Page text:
I believe that somewhere in Eastern Europe an extraordinary metamorphosis took place at the edge of a verdant forest along a railway embankment. That is where the people of this tightly locked train of hell were transformed into animals. Just like all the others, the hundreds of thousands of people that the madness had sent spewing out of fifteen countries toward factories of death and gas chambers.
At that moment they put us on all four legs for the first time.
The train is slowing….
What remains of life stirs in the darkness of the train cars. Of the sixty human beings herded into our boxcar back in Topola, fifty-six still show faint signs of life. Primal terror, hunger, thirst, and lack of air have already done in four of us. Their corpses have been heaped into a pile in a corner. Most of us are from the southern and central Bačka region of Serbia’s Vojvodina. Mr. Mandel, the old carpenter, a good friend of my father, was among them, and he was the first to fall. Mr. Mandel had made the furniture for more than a few girls from Bačka for their betrothals. He did so always reliably, honorably.
What the old carpenter died of, I think, was that his cigarettes had been taken away. For sixty years he’d smoked fifty a day. Not a man alive had ever seen Mr. Mandel without a smoldering cigarette. His supply, along with his jewelry and money, had been confiscated back in the camp in Topola. For twenty-four hours en route, Mr. Mandel just stared blankly, stubbornly, deliriously, at the surging mass of people all around, at the billowing of all those stinking, steaming human bodies.
Sixty years of work had stained his hands to a mahogany hue. On the train his right hand sometimes moved mechanically, as if holding a cigarette. Between his index and middle fingers Mr. Mandel raised the imagined cigarette to wilted lips. Like a child pretending to smoke, he even pursed his lips to puff.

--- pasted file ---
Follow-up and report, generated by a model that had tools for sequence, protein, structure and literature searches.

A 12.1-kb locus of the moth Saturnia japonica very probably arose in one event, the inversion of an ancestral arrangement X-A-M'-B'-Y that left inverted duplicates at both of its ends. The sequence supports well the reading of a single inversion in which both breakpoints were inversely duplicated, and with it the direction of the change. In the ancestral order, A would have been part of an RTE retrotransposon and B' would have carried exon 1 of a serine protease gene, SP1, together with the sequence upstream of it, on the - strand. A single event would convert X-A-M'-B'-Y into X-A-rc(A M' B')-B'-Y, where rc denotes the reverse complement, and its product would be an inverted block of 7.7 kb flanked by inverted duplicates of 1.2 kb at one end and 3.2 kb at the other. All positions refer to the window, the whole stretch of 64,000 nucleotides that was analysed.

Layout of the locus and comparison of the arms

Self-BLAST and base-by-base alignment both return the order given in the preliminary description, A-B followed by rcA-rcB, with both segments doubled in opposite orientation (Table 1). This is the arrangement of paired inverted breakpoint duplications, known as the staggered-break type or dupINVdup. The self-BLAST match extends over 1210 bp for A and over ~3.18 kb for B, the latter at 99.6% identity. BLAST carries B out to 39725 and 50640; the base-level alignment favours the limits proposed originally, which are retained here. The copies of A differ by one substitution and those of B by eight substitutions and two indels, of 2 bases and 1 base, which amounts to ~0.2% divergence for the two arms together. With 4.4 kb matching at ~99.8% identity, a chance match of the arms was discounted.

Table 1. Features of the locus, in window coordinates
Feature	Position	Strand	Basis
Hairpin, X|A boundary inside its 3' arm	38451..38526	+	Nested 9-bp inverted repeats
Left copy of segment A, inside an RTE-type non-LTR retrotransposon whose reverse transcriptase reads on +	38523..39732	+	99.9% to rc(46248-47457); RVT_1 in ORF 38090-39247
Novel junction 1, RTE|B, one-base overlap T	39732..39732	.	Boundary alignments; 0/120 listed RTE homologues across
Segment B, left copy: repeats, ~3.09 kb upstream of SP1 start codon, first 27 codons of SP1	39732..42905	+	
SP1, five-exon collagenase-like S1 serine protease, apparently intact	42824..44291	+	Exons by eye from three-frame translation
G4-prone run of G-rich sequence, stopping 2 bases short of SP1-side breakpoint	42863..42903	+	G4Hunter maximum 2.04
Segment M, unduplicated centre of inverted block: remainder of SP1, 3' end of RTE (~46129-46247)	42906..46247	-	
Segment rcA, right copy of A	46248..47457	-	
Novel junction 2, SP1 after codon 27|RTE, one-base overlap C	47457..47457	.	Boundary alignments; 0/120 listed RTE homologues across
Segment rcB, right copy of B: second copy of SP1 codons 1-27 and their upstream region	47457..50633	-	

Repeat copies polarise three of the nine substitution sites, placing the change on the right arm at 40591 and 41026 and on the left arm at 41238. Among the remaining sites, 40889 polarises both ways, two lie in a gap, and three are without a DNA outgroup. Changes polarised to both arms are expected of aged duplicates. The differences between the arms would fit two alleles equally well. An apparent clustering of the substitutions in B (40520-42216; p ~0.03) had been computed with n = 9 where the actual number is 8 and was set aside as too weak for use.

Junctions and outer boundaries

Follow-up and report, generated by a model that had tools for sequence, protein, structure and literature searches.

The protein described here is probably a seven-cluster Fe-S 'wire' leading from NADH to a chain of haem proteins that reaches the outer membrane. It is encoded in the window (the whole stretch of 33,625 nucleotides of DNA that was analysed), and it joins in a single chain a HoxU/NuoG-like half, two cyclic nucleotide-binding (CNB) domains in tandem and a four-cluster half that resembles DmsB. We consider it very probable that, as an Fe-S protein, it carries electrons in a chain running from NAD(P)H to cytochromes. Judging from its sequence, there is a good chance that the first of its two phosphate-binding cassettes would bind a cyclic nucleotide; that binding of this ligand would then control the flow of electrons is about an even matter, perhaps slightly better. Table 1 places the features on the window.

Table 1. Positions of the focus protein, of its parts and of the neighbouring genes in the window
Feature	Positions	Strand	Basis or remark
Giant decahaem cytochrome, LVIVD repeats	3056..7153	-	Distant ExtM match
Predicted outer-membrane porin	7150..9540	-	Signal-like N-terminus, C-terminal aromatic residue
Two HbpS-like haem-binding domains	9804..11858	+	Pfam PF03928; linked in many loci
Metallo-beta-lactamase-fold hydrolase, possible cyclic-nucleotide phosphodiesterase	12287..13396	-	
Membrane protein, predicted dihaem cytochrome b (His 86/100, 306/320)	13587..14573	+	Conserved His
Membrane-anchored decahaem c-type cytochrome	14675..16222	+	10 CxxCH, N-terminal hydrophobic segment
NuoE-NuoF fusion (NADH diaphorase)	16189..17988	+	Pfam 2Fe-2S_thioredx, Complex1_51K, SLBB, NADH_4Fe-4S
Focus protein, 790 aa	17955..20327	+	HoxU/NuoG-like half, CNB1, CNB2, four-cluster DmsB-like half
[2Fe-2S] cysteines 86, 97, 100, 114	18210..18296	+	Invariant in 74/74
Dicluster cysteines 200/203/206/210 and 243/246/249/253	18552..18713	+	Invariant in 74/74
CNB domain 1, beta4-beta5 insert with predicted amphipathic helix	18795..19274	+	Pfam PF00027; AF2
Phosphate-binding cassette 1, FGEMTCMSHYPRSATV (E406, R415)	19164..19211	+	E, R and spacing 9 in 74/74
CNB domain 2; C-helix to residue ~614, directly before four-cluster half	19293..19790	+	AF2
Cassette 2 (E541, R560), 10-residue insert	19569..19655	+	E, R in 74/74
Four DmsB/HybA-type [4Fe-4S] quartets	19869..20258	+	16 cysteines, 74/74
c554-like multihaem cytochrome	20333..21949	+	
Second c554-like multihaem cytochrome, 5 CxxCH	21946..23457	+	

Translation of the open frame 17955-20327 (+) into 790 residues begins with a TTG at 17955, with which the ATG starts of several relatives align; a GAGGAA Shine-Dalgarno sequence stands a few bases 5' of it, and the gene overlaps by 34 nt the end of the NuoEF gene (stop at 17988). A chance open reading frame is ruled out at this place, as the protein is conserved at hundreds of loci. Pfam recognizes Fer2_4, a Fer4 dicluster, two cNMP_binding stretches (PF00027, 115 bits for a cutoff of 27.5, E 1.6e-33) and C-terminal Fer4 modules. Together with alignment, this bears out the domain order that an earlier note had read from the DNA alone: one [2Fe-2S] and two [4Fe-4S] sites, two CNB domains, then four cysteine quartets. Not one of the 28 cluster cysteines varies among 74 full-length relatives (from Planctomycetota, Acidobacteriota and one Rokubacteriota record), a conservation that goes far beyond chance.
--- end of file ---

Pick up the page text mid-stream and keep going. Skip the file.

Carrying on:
But after Nové Zámky, that aging head of his tilted to the side. His death was not an event. Here death could no longer be an event. For a moment, Dr. Bakács from Novi Sad, raised that haggard head above the frayed fur vest. He gave a tired wave of the hand. Dr. Bakács was already in a bad way, too. Perhaps he was thinking that in twelve hours some other doctor in the car would be taking note of his own death.
Two people went mad. They raged incessantly for many hours. Bloodshot eyes bulged from their waxlike faces as they sprayed foamy spit all over and tried clawing at the faces and scratching at the eyes of those standing nearby. Without further ado, the camp guards shoved these two and those rounded up from the other boxcars into the woods when we stopped to relieve ourselves. A few minutes later we heard the crackle of machine-gun fire. One of the grass-green henchmen let out a thick, vile guffaw, and spat.
No, we didn’t look at each other. We’d been on the road too long for that.